Following changes to Article 42 of the Trade Mark Protection Act and Article 21 of the Trade Mark Protection Ordinance, the IPI has taken the opportunity to principally waive the requirement for the filing of authorisation for opposition procedures with effect from 1 July 2011.
The IPI will only request an authorisation if doubt exists concerning the ability to act as a representative(Article 11 Administrative Procedure Act and Article 5 Trade Mark Protection Ordinance). In addition, for applications for full or partial cancellation, an authorisation must always be submitted – even if applications have been made in the event of opposition procedures. An exception only exists when the representative is already registered in the trade mark register at the time of filing (Notification IPI in sic! 2004, 373, No. 4).
The directives concerning trade marks will be updated at the next possible opportunity.
The CPC (in German, French, Italian, pdf 708 KB) entered into force on 1 January 2011 (Harmonising civil procedure legislation). It replaces the 26 cantonal civil procedure legislations. Based on the Concordat of 27 March 1969 concerning arbitration, the third part of the CPC (Art. 353 ff CPC) regulates arbitration cases internal to Switzerland (German BBl 2006 7221, 7240, French, Italian).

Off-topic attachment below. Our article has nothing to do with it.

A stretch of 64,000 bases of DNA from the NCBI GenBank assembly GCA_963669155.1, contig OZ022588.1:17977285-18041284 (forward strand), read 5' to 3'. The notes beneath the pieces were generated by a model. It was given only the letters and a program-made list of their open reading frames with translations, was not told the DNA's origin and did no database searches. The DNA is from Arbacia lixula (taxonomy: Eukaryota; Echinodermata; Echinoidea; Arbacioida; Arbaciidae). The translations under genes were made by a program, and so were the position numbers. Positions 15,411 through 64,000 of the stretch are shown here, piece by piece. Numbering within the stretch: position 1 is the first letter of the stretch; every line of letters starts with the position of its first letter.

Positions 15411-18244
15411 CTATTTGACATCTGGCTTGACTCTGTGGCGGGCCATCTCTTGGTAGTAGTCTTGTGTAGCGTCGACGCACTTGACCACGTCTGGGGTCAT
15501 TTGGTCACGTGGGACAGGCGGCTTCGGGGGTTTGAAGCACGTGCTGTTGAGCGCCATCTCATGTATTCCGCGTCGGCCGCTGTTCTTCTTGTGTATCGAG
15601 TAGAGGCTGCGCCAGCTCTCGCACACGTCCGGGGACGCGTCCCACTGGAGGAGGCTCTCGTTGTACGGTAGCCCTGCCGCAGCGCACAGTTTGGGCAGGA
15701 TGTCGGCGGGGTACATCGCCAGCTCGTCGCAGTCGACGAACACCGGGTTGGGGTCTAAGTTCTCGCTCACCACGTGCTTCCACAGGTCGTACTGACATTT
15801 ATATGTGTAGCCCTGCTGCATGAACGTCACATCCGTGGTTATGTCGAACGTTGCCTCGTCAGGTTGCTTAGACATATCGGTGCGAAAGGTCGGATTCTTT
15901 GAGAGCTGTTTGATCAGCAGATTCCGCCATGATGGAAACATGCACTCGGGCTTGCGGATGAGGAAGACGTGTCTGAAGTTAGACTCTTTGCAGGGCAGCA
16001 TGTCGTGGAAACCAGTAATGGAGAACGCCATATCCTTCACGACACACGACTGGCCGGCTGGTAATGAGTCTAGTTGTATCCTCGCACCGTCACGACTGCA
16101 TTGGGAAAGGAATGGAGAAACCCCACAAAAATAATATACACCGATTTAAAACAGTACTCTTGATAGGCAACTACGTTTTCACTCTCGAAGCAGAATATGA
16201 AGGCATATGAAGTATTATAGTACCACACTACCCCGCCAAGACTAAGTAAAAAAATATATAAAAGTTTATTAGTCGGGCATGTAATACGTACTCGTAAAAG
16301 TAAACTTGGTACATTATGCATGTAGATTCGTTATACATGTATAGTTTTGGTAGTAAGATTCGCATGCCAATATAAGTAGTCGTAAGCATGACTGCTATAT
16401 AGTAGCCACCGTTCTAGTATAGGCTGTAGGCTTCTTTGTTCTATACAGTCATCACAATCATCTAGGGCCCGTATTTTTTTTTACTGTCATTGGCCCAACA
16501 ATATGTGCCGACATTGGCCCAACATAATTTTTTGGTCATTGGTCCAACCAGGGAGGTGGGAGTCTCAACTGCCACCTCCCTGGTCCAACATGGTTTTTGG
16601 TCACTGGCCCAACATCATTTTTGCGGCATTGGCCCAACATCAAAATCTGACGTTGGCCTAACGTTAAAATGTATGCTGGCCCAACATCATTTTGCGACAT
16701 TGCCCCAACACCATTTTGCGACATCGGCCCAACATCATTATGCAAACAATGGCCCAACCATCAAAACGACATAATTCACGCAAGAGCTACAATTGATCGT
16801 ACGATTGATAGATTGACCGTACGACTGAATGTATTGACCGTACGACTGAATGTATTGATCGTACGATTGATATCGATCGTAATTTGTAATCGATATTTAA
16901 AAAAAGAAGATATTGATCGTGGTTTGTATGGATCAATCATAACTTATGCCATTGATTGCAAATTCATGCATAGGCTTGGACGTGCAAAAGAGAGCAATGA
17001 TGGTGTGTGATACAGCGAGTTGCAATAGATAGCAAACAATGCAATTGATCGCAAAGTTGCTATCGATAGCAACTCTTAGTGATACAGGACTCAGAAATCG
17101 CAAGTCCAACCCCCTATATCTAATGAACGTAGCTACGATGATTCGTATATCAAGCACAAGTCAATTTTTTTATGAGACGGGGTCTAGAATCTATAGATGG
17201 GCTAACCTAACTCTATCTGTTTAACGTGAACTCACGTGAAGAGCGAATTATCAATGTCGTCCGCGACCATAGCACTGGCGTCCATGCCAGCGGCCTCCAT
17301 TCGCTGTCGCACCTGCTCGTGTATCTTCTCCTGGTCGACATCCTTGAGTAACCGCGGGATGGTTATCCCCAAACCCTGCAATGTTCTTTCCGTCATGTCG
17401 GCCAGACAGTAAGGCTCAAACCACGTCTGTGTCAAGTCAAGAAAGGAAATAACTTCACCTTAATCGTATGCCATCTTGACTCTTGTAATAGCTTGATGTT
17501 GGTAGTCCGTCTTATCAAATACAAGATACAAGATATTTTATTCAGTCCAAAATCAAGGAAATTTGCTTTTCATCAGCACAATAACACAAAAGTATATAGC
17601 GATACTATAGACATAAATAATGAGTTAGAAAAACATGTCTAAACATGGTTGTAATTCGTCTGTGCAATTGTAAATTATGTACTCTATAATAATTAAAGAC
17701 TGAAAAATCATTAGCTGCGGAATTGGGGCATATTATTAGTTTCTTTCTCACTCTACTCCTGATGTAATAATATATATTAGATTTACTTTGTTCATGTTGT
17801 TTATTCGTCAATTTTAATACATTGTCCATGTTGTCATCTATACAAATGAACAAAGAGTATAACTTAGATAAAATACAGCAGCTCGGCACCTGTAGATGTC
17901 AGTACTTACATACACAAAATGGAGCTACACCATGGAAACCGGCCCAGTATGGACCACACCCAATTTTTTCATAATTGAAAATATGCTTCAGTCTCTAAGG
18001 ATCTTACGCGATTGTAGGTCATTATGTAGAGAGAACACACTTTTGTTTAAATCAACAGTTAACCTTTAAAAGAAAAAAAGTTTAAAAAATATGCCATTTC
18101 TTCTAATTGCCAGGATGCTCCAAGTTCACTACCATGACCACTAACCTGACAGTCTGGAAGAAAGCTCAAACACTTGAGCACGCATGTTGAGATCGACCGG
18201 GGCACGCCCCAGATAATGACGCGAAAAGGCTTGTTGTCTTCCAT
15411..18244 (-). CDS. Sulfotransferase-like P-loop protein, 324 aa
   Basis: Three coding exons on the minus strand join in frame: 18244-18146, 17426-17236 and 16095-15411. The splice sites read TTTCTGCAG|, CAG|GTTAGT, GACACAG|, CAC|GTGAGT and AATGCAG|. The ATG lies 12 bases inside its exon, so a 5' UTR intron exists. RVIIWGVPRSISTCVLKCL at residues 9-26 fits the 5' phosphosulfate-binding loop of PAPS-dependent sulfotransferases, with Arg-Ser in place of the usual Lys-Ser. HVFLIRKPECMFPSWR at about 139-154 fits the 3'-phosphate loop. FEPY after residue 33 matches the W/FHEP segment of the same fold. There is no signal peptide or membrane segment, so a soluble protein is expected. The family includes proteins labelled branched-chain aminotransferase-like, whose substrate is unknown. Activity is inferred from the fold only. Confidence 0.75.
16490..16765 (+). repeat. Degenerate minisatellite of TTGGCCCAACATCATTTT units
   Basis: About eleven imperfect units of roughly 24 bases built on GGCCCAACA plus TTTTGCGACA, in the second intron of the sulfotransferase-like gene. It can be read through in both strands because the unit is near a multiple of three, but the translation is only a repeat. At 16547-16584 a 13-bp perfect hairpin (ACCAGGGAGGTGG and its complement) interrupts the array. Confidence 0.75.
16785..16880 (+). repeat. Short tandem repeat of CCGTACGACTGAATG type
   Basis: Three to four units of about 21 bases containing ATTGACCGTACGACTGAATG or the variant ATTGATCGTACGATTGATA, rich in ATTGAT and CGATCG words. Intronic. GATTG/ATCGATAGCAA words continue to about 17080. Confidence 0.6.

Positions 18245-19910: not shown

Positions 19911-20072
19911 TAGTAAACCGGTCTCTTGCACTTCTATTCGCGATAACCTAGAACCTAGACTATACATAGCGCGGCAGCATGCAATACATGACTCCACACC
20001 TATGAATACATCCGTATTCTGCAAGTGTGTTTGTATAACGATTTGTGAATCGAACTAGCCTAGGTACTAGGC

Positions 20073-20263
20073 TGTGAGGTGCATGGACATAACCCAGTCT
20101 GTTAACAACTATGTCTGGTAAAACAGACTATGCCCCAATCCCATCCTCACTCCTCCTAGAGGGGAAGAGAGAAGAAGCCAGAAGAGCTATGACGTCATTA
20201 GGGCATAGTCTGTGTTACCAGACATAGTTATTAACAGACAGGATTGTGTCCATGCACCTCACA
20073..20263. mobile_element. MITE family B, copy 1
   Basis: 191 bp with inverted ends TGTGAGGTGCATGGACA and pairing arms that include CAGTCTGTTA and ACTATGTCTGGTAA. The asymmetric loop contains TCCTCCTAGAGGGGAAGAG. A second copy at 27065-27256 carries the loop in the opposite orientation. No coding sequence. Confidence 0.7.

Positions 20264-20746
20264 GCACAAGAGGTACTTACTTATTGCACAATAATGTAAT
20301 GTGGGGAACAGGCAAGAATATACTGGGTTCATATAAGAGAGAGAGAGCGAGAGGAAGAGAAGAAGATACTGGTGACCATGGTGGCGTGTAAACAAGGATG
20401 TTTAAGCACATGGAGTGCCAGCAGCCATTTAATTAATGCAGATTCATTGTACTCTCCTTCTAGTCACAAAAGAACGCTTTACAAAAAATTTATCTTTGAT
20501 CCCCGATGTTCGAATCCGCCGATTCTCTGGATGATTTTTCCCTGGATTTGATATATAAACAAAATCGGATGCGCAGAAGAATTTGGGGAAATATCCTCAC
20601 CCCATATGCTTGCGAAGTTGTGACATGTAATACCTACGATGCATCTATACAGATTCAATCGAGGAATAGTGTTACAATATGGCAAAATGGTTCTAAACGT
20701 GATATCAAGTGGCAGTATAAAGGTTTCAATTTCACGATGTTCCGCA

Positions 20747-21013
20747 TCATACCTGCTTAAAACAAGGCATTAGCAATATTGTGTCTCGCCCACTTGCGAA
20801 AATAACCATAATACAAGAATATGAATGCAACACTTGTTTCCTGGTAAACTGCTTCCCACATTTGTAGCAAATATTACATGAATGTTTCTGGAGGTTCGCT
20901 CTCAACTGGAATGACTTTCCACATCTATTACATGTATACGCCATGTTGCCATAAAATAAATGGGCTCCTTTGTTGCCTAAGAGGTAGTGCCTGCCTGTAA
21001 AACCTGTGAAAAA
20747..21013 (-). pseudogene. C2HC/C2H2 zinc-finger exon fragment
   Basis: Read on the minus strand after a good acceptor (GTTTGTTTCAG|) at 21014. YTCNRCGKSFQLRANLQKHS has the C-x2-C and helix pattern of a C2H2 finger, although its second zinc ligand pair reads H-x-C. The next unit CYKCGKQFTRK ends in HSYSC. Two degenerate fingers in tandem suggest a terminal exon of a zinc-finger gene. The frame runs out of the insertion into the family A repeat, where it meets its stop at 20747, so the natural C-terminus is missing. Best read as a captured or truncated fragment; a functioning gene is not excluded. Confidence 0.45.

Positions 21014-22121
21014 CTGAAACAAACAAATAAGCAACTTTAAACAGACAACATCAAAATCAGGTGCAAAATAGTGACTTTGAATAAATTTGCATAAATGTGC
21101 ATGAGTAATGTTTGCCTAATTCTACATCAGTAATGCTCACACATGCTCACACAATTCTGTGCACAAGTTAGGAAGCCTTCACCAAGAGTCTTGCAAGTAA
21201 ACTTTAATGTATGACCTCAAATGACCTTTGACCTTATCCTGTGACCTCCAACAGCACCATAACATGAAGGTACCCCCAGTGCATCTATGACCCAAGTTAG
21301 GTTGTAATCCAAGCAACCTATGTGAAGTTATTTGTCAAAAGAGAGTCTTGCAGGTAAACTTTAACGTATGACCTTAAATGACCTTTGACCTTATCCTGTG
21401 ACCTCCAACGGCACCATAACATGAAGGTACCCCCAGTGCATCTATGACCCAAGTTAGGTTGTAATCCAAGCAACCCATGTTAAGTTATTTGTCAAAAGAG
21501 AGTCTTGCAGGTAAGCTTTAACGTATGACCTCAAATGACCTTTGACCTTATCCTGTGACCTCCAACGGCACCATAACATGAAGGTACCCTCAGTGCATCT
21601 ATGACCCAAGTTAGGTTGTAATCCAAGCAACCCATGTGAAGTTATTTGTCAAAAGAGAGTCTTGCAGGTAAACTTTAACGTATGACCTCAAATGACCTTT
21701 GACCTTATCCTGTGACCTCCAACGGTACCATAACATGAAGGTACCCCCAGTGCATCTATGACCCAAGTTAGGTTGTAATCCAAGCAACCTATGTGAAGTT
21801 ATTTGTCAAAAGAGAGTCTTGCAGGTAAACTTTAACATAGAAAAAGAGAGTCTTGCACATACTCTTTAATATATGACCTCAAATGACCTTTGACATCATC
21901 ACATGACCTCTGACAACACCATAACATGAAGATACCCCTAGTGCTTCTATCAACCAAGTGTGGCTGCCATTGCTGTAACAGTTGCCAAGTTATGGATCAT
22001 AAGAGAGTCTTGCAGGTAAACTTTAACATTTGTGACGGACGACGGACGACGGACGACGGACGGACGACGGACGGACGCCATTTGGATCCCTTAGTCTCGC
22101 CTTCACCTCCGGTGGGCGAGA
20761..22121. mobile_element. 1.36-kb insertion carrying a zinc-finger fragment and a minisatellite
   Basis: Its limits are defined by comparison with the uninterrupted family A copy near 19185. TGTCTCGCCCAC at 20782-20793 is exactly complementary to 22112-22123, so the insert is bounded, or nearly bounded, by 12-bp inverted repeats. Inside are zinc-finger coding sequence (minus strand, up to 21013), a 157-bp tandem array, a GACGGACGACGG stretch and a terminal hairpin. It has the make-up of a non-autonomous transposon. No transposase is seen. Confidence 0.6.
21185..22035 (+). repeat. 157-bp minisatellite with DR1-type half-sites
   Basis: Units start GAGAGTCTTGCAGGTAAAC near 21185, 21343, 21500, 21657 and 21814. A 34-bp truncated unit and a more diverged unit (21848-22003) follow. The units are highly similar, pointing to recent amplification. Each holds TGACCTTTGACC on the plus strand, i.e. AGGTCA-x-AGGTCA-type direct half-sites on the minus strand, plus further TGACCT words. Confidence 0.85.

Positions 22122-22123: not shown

In this regard, we remind that the IPI can only enforce arbitral decisions if a certificate of enforceability is produced (PMMBl 1976 I, 9, 10). Pursuant to the new Art. 356 CPC, the Canton of the arbitration court designates a high court which is competent for the said certificate concerning the arbitral decision.
In a decision from 7 April 2009, the Federal Supreme Court has endorsed the appeal against the ruling of the Federal Administrative Court, thereby recognising the original distinctiveness of a melody without verbal elements for products of Class 30. The Federal Supreme Court has established new rules of experience or examination criteria for acoustic trademarks in a reversal of Institute’s examination principles which defined that melodies without linguistic accompaniment basically lack original distinctiveness (see FC 4A_566/2008 – Acoustic Trademarks, Ext. 2.5.2). Based on this ruling, the Institute has changed its practice and now classifies acoustic trademarks as conventional signs, analogue to word and figurative marks. Acoustic signs that constitute a trademark are basically to be registered as such, in accordance with Art. 1 Para. 1 of the Trademark Act, unless a reason for exclusion exists in relation to the products or services for which it is used, such as the descriptive character or conventionality.
From now on, even your amateur snaps are protected by copyright!
Switzerland sets a new record for European patent applications
Trade marks in Switzerland still at a high
08.11.2019 | Event
Symposium on Creative Approaches to Improving Access to Medicines Globally
Roundtable on the protection of computer-implemented inventions